How Acoustic Sound Panels For Churches Improve Clarity

By Ina Hunt

Music and speech are both improved by a small amount of reverberation, but at higher levels it can make both seem annoying and garbled. The choir and sermon are an integral part of many services, but become meaningless when the congregation is unable to hear singing or distinguish words normally. Acoustic sound panels for churches focus amplified waves and natural vibrations, making them more meaningful and pleasant to listeners.

Although there are European cathedrals famous for their fantastic echoes, a fine dividing line separates noise from distortion. Echoes occur when the vibrations that make waves bounce repeatedly back and forth from hard, reflective surfaces. Some buildings are fortunate to include acoustic considerations in the original plans, but many churches today are housed in structures originally designed for other uses.

Even without the benefit of modern computer analysis, there have been several methods historically used to correct the problem. Some included the addition of ash to clay pots located at strategic points withing a room. They were moved about, and burnt material was added or removed to dampen specific reverberations. Support pillars that dominated some buildings were specifically altered, and stone blocks specially sized to inhibit echo.

Current solutions range from high-tech reverberation systems that are able to create interchangeable custom acoustic environments, to simply installing thick carpeting in specific areas. These are not ineffective, but neither solves problems of muffling or echo that are a result of the original and unalterable interior building design. For many rooms, the best solution incorporates flat, standing or attached wall panels that inhibit waves.

Rather than cutting out certain frequencies, these baffles absorb unwanted reflections, often within a particular room. They all incorporate a common design approach, using a frame that houses a filling of absorbent material, covered by a variety of decorative possibilities. The interior is most often filled with fiberglass or foam, and there are less environmentally toxic fillers also available.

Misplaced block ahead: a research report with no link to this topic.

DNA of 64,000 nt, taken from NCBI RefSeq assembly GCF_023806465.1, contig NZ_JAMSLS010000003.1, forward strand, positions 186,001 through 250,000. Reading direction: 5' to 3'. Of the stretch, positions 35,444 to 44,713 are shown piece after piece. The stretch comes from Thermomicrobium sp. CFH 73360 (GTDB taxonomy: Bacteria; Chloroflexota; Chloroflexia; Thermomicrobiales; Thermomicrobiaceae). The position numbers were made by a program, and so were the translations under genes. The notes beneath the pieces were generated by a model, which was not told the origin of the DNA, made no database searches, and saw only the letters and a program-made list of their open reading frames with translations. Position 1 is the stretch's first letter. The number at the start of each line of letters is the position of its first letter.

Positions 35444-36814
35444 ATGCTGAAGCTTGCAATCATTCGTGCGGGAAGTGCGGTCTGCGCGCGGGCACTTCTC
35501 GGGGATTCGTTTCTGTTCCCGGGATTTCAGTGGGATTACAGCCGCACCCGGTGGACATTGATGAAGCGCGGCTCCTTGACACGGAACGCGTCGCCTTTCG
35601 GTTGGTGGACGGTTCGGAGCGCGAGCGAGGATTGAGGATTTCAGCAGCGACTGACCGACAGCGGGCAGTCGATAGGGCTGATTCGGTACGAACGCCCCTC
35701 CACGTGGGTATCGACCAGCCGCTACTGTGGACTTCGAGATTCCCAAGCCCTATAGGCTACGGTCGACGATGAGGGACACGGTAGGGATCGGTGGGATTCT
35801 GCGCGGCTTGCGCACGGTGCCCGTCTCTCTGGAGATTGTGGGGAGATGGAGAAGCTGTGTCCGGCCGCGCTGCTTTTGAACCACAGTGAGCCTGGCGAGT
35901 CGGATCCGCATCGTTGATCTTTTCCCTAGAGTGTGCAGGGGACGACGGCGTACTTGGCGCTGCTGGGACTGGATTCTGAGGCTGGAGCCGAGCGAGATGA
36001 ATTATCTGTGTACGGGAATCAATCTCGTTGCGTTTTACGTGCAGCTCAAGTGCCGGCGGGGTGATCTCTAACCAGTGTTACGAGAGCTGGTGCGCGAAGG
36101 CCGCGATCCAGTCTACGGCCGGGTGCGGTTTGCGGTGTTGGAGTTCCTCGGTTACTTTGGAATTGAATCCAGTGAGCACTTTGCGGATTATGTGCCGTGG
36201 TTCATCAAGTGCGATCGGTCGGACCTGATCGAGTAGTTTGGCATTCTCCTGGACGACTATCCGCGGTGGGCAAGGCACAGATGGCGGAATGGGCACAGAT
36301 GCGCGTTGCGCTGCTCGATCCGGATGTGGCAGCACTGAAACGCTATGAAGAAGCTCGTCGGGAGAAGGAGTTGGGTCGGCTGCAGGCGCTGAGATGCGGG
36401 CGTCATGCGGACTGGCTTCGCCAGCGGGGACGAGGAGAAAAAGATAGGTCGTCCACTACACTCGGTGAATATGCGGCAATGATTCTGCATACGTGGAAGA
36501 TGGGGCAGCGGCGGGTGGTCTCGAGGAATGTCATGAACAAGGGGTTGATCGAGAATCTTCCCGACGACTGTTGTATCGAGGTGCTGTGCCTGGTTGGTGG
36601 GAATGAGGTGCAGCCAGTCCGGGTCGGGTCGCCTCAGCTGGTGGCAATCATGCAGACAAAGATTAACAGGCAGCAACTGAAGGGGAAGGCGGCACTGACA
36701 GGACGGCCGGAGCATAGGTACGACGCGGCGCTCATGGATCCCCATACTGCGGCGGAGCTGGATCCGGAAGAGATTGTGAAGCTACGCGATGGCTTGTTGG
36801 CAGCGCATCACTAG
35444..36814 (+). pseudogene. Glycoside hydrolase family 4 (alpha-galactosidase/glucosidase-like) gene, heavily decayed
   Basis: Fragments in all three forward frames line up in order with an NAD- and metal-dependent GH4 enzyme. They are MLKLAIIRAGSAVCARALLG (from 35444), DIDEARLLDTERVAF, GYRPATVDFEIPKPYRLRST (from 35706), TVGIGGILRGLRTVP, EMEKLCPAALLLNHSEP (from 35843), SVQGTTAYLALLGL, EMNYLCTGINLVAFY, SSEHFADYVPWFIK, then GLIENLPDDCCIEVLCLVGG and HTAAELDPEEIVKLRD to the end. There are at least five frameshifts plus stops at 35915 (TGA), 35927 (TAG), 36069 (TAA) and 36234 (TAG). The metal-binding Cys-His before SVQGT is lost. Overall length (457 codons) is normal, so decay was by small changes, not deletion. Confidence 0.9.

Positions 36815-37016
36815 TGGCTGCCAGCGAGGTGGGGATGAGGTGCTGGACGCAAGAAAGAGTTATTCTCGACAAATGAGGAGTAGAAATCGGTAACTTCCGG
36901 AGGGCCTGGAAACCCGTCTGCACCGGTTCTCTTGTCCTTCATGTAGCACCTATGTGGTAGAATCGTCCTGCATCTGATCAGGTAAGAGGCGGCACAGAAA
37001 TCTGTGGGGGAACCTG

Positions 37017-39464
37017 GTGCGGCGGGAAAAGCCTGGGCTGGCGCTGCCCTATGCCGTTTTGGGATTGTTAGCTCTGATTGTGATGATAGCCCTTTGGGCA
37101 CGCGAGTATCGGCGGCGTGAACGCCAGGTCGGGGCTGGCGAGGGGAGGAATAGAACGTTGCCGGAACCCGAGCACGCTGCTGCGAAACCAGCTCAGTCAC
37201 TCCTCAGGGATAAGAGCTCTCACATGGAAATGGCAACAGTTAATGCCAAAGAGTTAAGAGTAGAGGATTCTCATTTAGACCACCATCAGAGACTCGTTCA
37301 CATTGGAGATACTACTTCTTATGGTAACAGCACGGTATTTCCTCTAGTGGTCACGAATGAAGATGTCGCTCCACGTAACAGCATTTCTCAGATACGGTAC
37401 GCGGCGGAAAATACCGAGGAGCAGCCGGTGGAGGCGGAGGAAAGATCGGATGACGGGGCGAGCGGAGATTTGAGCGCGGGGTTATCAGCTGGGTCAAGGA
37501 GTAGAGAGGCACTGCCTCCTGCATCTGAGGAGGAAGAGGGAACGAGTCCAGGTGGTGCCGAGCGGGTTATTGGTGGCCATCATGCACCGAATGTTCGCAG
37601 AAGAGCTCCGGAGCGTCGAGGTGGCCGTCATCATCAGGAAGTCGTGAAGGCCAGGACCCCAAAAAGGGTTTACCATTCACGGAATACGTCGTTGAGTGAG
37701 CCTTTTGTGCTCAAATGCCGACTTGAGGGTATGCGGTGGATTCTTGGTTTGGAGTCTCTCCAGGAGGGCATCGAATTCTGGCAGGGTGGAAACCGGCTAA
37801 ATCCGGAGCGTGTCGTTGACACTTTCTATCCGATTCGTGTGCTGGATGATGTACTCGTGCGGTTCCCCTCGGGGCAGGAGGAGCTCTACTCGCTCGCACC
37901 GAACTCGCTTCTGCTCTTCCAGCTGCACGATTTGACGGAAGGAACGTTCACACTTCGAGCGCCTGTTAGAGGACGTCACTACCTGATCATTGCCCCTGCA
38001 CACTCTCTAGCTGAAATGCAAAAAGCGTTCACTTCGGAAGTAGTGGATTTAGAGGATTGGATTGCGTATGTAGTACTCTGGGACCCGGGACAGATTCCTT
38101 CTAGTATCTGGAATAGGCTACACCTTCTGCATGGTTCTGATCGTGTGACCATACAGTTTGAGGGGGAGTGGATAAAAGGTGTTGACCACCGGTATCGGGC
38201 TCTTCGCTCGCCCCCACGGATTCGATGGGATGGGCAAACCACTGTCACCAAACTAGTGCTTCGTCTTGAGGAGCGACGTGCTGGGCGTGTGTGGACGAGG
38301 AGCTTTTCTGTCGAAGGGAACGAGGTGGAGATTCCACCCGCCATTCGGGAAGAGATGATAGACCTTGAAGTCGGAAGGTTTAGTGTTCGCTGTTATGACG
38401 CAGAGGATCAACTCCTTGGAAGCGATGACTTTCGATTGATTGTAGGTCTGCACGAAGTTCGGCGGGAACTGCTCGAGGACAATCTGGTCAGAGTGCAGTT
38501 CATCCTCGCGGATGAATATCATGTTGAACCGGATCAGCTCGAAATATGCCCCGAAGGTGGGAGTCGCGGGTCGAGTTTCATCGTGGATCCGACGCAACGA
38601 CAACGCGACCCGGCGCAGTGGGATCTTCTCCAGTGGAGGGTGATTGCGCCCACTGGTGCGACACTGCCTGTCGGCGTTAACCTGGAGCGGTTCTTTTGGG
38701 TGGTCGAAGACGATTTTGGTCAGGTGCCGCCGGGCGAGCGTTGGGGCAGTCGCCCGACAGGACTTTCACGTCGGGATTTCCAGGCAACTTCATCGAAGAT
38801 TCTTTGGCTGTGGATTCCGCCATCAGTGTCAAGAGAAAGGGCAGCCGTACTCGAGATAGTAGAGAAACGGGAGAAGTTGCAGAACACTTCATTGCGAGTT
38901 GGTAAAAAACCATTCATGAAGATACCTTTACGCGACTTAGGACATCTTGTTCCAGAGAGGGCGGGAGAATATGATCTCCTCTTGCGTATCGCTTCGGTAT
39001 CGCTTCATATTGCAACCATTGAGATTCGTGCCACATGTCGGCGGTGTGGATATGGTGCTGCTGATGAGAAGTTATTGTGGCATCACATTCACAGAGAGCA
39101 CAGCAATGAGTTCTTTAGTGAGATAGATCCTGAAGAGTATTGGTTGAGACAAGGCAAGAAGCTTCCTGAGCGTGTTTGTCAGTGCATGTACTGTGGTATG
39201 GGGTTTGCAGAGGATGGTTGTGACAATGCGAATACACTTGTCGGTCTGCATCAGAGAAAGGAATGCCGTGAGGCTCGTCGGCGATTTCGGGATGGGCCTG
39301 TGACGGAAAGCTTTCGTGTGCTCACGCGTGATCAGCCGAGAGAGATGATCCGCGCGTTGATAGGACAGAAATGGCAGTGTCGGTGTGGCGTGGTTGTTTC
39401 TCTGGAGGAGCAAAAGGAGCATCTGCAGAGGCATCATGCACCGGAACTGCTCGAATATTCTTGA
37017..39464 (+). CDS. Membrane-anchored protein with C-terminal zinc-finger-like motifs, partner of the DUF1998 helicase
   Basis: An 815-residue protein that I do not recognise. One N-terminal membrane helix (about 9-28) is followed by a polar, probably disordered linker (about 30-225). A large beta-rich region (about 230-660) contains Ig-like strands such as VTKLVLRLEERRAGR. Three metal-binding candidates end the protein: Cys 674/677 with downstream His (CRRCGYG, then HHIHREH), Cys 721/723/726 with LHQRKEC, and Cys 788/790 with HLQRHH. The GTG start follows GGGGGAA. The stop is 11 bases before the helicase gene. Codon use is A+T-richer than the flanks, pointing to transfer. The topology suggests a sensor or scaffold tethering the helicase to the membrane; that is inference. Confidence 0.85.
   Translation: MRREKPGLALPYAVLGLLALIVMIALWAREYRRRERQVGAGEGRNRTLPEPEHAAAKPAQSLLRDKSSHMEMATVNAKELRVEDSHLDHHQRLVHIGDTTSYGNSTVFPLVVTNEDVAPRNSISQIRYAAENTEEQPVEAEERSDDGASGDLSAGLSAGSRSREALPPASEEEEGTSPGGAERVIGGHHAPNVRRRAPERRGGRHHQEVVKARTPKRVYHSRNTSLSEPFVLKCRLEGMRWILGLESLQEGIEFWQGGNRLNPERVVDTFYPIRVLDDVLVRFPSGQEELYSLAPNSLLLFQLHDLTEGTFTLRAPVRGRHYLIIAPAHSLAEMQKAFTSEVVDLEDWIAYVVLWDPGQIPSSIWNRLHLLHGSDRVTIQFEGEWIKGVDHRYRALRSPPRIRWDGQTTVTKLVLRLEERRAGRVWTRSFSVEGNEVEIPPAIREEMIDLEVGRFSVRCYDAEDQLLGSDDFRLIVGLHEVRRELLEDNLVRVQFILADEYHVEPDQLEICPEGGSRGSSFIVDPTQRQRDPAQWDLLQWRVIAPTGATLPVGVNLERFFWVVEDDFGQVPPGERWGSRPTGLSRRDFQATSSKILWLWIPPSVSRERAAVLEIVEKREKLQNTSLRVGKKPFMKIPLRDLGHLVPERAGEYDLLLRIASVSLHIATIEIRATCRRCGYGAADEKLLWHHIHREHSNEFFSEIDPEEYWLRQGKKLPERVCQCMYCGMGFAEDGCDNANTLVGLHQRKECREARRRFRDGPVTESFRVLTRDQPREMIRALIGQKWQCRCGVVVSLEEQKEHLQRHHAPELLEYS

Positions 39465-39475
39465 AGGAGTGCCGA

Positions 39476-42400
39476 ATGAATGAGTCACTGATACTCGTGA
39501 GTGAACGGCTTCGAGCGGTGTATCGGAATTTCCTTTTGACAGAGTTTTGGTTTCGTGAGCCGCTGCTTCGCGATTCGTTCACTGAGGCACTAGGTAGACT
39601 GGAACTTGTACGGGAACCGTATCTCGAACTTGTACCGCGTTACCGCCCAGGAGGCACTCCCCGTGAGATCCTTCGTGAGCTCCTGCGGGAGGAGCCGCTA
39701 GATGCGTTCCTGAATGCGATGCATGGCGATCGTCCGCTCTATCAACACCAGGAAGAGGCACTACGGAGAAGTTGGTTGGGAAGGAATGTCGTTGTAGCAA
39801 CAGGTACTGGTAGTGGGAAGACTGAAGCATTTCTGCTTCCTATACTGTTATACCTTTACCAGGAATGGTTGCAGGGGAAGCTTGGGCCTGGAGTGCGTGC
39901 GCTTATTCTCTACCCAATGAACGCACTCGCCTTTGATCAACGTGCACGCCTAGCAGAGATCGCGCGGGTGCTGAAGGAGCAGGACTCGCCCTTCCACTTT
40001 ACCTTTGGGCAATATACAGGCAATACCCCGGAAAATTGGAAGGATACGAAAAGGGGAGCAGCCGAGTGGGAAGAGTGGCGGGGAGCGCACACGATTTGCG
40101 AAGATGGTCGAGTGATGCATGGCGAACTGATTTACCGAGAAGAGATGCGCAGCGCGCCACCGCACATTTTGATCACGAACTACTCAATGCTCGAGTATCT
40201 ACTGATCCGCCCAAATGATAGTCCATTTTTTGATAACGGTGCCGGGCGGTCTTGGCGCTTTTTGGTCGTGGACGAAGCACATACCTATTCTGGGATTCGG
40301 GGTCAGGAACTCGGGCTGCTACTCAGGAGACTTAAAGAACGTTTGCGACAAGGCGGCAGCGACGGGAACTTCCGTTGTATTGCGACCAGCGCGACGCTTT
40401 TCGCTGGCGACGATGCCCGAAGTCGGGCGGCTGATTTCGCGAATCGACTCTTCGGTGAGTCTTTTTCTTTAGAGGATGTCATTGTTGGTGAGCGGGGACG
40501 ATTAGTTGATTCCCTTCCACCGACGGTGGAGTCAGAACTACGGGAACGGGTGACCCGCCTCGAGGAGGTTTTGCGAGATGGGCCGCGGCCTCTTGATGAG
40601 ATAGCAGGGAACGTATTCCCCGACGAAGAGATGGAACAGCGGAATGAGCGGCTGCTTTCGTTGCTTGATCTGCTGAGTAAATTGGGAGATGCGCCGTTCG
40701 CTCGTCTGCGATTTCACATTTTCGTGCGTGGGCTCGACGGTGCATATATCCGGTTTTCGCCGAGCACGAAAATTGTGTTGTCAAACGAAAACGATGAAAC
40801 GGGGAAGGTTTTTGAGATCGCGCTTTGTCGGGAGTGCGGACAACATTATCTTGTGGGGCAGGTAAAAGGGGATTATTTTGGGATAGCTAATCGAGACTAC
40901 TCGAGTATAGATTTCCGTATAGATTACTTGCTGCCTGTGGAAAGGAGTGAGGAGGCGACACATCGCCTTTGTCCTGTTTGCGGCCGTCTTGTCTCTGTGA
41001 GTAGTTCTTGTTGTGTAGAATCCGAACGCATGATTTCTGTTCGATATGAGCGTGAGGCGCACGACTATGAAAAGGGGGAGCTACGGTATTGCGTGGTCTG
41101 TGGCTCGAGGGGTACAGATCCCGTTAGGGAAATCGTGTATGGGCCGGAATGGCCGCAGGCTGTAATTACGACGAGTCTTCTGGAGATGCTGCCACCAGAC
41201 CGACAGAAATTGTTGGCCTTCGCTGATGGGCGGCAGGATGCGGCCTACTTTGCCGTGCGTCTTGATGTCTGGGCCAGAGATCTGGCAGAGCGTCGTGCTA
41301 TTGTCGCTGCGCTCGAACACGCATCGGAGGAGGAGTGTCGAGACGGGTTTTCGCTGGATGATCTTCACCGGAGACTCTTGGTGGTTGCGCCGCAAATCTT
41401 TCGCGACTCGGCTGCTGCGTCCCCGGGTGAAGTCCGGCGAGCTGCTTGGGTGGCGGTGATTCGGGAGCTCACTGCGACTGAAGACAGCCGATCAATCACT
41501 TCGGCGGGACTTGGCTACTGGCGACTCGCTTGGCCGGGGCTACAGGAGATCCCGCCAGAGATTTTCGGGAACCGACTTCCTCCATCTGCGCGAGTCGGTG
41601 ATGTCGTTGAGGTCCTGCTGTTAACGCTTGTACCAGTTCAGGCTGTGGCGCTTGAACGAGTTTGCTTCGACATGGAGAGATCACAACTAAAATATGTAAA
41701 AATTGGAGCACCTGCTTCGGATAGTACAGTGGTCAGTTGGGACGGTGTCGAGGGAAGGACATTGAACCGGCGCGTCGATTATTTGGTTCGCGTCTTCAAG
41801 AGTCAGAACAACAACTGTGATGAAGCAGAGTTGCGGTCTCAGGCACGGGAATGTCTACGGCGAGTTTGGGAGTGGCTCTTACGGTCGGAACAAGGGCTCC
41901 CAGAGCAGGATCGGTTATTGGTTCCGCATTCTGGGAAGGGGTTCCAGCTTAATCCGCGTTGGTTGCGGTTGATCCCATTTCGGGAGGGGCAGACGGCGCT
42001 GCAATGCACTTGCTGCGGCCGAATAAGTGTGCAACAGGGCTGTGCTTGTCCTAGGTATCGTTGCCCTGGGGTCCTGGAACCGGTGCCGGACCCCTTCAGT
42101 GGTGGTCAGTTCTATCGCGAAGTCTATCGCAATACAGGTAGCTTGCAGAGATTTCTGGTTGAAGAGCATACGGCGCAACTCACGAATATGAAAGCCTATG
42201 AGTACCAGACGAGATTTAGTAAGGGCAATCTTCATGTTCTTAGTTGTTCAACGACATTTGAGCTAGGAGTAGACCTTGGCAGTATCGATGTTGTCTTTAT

Their size depends the extent of the echo and distortion. Some are as small as four square feet, while others may be nearly wall-sized, and most solutions require combinations. No matter their dimensions, they allow vibrations to pass through the exterior material rather than bouncing off, and any waves that return are re-absorbed. This principle is the same one used by music studios to emphasize accuracy, and can be easily adapted to churches.

Far from appearing to be an industrial or high-tech intrusion, these structures easily blend with most modern church decors. They can mirror the patterns and colors of existing stained glass, or can tie a room together by adopting patterns or colors on existing walls and ceilings. While a plain baffle is not particularly attractive, in many cases they end up looking like a part of the intended interior design.

While it is possible to place these baffles in a hall with acoustic precision using sophisticated microphones and computers, the best method of making a final determination is simply by listening critically. What seems within acceptable range to a machine may not to a human ear. When installed properly, they do not inhibit high frequencies or decrease volume, but instead increase the clarity of both speech and music.

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